Directed by: Mark Goldblatt
Category: Cult Classics
This film had been sitting in my queue forever just waiting for me to give it a spin, but as with most things, I never got around to it. It wasn't until my good buddy Ingo over at Hellford 667 Movie Reviews did a review on this sucker a few weeks back that I finally got that little nudge to finally check it out again, which I hadn't in what seems like 20 years now. You can check out Hellford 667's awesome review here.
Dead Heat was a staple in my household back in the late 80's when this first hit VHS. I don't remember exactly, but I'm pretty sure it never got a theatrical release in my tiny little town, so VHS was the only way to get it. I've always loved this film because to me it represented one of the better pairings of horror, action and comedy, a formula that more often than not does not work. But I think there are several factors that go into that in Dead Heat's case. For one, you have the undeniable talents of first time director Mark Goldblatt. He's no stranger to the film industry as he's been a film editor since the late 70's on everything from The Howling, The Terminator, Commando, Rambo 2, Showgirls, T2: Judgement Day to the recent Rise of the Planet of the Apes. But his first foray into directing was with Dead Heat. And as most people know, he would go on to do Dolph Lundgren's The Punisher (1989) one year later. But you've also got a great cast, some great practical effects and a great premise.
|Dead Heat Japanese VHS cover courtesy of VHSwasteland.com|
Mortis (Treat Williams) and Bigelow (Joe Piscopo) are two cops on the clock when they take a call for a jewelry heist in progress at a local jewelry store. When they arrive, it seems bullets just won't do the trick to bring these guys down. So Mortis gets creative and decides to crush one of them with the car, while the other one accidentally blows himself up with his own hand grenade. When the medical examiner, who also happens to be Mortis's ex, checks out the corpses, she discovers that these guys were already dead before the robbery as rigor mortise had already set in long ago . Soon Mortis and Bigelow discover that someone is reanimating dead bodies and using them to commit robberies. When Mortis himself is killed in the line of duty investigating the case, he himself is brought back to life at the lab he was investigating. Zombified and wanting revenge, he and his partner hunt down the culprit and ringleader of zombie criminals to put a stop to it before his time is up.
This was a lot of fun and there's no denying the chemistry between Treat Williams and Joe Piscopo. These guys make the movie as fun as it ultimately becomes. Williams is always great, whether he's doing action, drama or even some comedy. But here, as the straight man between the two partners, you know, the one who wears the suit while the other partner sports a leather jacket and skin tight jeans, he's able to convey the struggle of getting killed in the line of duty, resurrected back to life, and then sad and angry that 1. Someone killed him and he doesn't know who or why, and 2. he only has something like 72 hours left before his body starts to decompose rapidly until he's gone for good. As far as Piscopo goes, he's hilarious in anything he's in. As the tough guy sidekick he adds a lot of the much needed comic relief, but turns serious and tough when need be. One thing you immediately notice is how buff he is. Still strange to see since I'll always picture him as that skinny slimy guy from Johnny Dangerously. But here he's an odd buff. Like his arms are huge, yet he has no shoulders, which makes him look disproportionate. Or maybe that's just me. This was at a time when I remember he was really into weight lifting. I even had a copy of Muscle & Fitness magazine from somewhere around this time where he graced the cover. You read that right, Joe Piscopo actually graced the cover of a Muscle & Fitness magazine.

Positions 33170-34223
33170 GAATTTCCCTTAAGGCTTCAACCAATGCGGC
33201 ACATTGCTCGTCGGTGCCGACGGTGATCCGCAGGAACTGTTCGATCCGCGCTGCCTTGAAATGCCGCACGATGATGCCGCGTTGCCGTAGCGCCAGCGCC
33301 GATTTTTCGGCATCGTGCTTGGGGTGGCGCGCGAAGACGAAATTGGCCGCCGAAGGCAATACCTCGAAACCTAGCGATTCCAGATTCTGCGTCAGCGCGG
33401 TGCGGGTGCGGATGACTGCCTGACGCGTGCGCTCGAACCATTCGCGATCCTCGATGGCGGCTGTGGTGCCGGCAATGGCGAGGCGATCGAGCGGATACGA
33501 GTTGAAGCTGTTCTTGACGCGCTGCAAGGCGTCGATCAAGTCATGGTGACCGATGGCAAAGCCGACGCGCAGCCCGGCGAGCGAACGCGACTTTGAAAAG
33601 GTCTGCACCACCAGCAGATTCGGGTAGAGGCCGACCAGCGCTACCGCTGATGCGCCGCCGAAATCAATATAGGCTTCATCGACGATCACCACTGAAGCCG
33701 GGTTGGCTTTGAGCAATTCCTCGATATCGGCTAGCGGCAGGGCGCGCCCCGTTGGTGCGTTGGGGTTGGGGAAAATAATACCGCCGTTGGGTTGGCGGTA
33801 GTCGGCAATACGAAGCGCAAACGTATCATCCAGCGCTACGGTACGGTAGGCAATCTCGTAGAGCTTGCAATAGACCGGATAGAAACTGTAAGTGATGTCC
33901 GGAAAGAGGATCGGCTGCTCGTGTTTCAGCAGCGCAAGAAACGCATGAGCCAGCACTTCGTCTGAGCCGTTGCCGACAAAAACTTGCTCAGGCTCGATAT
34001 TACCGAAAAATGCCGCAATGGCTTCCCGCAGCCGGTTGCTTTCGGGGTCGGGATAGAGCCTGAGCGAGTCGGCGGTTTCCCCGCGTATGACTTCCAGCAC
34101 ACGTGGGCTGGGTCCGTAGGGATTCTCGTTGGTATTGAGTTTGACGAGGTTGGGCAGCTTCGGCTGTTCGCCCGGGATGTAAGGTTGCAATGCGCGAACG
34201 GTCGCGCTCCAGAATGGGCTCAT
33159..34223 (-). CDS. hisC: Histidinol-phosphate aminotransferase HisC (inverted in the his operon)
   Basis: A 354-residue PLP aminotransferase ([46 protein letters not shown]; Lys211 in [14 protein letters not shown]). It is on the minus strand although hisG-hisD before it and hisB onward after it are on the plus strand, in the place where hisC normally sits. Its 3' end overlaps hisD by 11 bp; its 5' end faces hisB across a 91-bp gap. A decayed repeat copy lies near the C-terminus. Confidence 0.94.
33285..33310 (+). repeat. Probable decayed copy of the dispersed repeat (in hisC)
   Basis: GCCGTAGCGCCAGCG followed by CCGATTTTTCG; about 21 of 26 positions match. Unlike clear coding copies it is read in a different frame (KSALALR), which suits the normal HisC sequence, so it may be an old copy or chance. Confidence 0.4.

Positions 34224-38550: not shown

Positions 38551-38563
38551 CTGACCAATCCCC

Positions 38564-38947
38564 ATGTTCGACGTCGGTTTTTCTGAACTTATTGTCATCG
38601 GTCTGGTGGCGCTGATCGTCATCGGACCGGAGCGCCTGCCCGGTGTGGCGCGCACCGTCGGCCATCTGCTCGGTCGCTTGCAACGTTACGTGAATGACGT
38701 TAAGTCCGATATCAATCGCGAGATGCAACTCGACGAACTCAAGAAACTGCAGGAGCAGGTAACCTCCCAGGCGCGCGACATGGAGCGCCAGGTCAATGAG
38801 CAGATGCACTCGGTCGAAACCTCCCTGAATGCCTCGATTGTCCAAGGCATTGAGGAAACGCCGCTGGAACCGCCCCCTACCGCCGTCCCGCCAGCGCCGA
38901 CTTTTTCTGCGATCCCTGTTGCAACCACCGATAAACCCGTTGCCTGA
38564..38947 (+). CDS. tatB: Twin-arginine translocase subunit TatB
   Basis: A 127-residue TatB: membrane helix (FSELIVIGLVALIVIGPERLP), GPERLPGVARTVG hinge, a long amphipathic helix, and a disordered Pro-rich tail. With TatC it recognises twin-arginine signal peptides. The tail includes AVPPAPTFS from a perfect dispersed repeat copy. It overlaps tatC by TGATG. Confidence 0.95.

Dead Heat also works really well because of it's structure, and I think the pace also has a lot to do with it. It never get's too serious, and though there's a few sections in the middle devoid of action, it still moves along fast enough that you never get bored. Keep in mind, it's no genre defining masterpiece or anything, but if you're looking for a fun movie that's surprisingly well made on all fronts, then you should thoroughly enjoy this one. It definitely has a few standout moments, some pretty nifty effects, a standout supporting cast with the likes of Darren McGavin, Robert Picardo, Professor Toru Tanaka and Vincent Price, and enough action to be able to call it an action movie with some horror and comedy elements thrown in for good measure. I really wish director Mark Goldblatt had continued directing movies. He gave us all the one-two punch of Dead Heat and then the awesome The Punisher (1989) with Dolph Lundgren (the best one) the following year, but then stopped directing altogether. So at this point it's been 23 years since he's directed a flick, and I think it's about time he got back into it.